Where do I stand on getting my deposit back?

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  • Where do I stand on getting my deposit back?

    Hi Everyone,

    Seeking some advice on a landlord issue.. I will lay out the facts

    I answered an advert on a website with regards to a room to where I am working during the week. On the advert it did say 3 months minimum stay. The landlord replied saying the room had been taken.

    However a few weeks later a phone call came from the landlord saying if I was still interested in the room would I be interested. I said yes I would. The landlord moved out the current tenant within the space of week and moved me in. I paid £300 deposit and £335 for a months rent (I have receipts for both). It didn't really work out for me so I gave the landlord notice 5 days before the next months rent was due. No written contract was put in place and no verbal contract.

    Now she has retained my deposit saying that she is keeping it due to the rent she has lost.

    Where do you think I stand? I don't know if it has a bearing but in this case I am a LODGER not a TENANT.

    Thanks for advice.

  • #2
    Depends on what the deposit was taken for I think. If it was a damage deposit, then he has no basis to withhold unless you signed some agreement stating you would give X days notice....as you were a lodger you have no statutory obligation to give notice, unless otherwise agreed. Someone will correct me if I am wrong though...
    Any posts by myself are my opinion ONLY. They should never be taken as correct or factual without confirmation from a legal professional. All information is given without prejudice or liability.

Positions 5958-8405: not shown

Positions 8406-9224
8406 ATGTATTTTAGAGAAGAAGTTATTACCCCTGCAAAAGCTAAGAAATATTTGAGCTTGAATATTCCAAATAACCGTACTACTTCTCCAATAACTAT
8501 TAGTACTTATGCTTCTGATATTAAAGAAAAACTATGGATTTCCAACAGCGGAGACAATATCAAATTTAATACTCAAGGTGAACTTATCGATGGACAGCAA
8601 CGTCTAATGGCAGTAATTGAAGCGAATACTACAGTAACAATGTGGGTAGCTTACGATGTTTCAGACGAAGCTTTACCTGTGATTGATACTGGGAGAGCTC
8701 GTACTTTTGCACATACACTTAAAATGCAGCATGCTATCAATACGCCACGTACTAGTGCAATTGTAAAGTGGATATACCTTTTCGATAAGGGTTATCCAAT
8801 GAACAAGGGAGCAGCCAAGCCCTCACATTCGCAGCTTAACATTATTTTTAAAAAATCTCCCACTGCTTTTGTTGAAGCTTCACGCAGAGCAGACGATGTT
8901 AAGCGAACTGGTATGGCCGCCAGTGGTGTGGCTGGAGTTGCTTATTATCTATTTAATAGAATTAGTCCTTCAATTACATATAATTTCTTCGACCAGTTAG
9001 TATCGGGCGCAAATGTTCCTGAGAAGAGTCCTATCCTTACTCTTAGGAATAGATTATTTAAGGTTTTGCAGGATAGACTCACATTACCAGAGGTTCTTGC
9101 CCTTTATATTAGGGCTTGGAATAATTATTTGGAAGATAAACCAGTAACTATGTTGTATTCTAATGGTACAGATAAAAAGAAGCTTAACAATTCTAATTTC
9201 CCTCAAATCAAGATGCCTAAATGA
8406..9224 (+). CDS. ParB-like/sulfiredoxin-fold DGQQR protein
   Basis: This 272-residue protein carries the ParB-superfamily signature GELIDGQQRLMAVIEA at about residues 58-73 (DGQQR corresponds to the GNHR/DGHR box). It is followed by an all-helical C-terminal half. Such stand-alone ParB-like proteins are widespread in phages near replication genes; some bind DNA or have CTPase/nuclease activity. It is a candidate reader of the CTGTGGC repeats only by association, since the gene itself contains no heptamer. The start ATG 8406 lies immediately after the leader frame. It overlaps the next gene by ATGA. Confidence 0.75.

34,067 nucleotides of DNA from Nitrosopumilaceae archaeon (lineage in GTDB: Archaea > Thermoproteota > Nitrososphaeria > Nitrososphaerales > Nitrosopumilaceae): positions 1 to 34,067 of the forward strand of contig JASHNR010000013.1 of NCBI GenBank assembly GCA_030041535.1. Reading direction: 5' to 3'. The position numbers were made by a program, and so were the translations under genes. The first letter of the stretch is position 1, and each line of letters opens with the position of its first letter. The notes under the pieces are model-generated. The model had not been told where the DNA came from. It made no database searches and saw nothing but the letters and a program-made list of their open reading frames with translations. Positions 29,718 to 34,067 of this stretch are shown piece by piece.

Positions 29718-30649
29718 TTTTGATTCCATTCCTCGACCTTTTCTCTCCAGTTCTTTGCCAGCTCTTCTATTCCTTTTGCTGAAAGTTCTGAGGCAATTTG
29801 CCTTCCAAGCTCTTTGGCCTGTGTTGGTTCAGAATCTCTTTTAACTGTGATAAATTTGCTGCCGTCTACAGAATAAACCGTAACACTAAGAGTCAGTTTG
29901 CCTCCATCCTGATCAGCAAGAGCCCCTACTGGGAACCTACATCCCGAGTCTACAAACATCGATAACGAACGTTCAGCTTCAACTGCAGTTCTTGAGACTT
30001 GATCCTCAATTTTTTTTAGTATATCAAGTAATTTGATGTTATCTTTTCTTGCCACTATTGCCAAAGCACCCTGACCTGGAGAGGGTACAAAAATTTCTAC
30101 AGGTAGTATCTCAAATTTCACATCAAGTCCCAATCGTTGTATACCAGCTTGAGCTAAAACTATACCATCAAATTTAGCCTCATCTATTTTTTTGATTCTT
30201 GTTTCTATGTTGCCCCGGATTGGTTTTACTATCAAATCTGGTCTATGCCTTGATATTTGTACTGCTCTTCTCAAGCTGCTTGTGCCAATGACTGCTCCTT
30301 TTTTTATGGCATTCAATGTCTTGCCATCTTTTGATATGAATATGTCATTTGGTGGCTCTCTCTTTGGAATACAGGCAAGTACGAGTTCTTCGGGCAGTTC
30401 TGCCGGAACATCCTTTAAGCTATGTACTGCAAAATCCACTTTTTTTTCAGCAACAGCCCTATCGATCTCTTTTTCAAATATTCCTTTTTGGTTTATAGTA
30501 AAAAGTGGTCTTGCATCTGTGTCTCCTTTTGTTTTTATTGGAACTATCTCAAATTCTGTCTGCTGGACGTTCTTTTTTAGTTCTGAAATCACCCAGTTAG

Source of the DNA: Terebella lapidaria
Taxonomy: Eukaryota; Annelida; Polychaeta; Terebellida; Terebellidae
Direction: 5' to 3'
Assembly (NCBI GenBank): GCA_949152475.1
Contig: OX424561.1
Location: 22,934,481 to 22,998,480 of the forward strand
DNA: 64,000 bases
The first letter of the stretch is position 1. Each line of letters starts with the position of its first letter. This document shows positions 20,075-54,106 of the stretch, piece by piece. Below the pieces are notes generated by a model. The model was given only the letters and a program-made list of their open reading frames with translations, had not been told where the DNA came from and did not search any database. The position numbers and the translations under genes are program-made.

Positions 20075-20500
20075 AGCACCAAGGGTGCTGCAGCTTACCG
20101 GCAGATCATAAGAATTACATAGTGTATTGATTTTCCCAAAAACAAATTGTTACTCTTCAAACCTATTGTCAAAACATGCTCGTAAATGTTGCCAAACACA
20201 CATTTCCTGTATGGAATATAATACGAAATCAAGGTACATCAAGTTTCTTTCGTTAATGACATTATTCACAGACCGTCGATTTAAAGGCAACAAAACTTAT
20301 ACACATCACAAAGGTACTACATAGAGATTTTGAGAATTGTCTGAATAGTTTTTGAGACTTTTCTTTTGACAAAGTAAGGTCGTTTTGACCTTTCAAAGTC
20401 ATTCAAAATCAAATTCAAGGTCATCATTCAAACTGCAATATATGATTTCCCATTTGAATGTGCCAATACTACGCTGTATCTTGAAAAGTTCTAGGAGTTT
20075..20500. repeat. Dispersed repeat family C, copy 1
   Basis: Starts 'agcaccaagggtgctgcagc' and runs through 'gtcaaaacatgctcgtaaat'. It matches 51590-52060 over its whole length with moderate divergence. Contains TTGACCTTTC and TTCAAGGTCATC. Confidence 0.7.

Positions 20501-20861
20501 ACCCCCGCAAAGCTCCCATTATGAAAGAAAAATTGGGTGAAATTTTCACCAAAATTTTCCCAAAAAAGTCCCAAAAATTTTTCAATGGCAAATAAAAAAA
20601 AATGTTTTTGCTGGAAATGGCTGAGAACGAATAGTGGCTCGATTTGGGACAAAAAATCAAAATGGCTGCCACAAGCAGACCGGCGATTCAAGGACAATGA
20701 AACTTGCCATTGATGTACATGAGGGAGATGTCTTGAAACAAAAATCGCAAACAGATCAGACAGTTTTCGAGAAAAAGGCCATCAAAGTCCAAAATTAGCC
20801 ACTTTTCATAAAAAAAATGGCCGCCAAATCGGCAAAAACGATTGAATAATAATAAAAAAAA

• #3
      The law of Landlord & Tenant doesn't apply but the law of contract does.

      That is "offer,acceptance & consideration (money)", all three of which are in place. You therefore have an oral (not verbal) contract by the actions you have both taken.

      Whether one of you is in breach I don't know but over £600 for a short stay is "unreasonable". If you can't come to some compromise with her then you will have to go to court I'm afraid to get any redresss. You cannot be penalised by moving out early as you were a lodger. If this lady is doing the same to others then HMRC might just be a little bit interested in her methods, but that's for later I would say.
      The advice I give should not be construed as a definitive answer, and is without prejudice or liability. You are advised to consult a specialist solicitor or other person of equal legal standing.


      • #4
        Paul, would the lodger be legally responsible for paying rent for the 3 months if the place was advertised as a minimum of 3 months let (assuming no new lodger is found to replace him) ?


        • #5
          Originally posted by Wickerman
          They also claimed that they were studying law and that this is legally binding.
          Tell them to study some more, in particular 'invitation to treat'.


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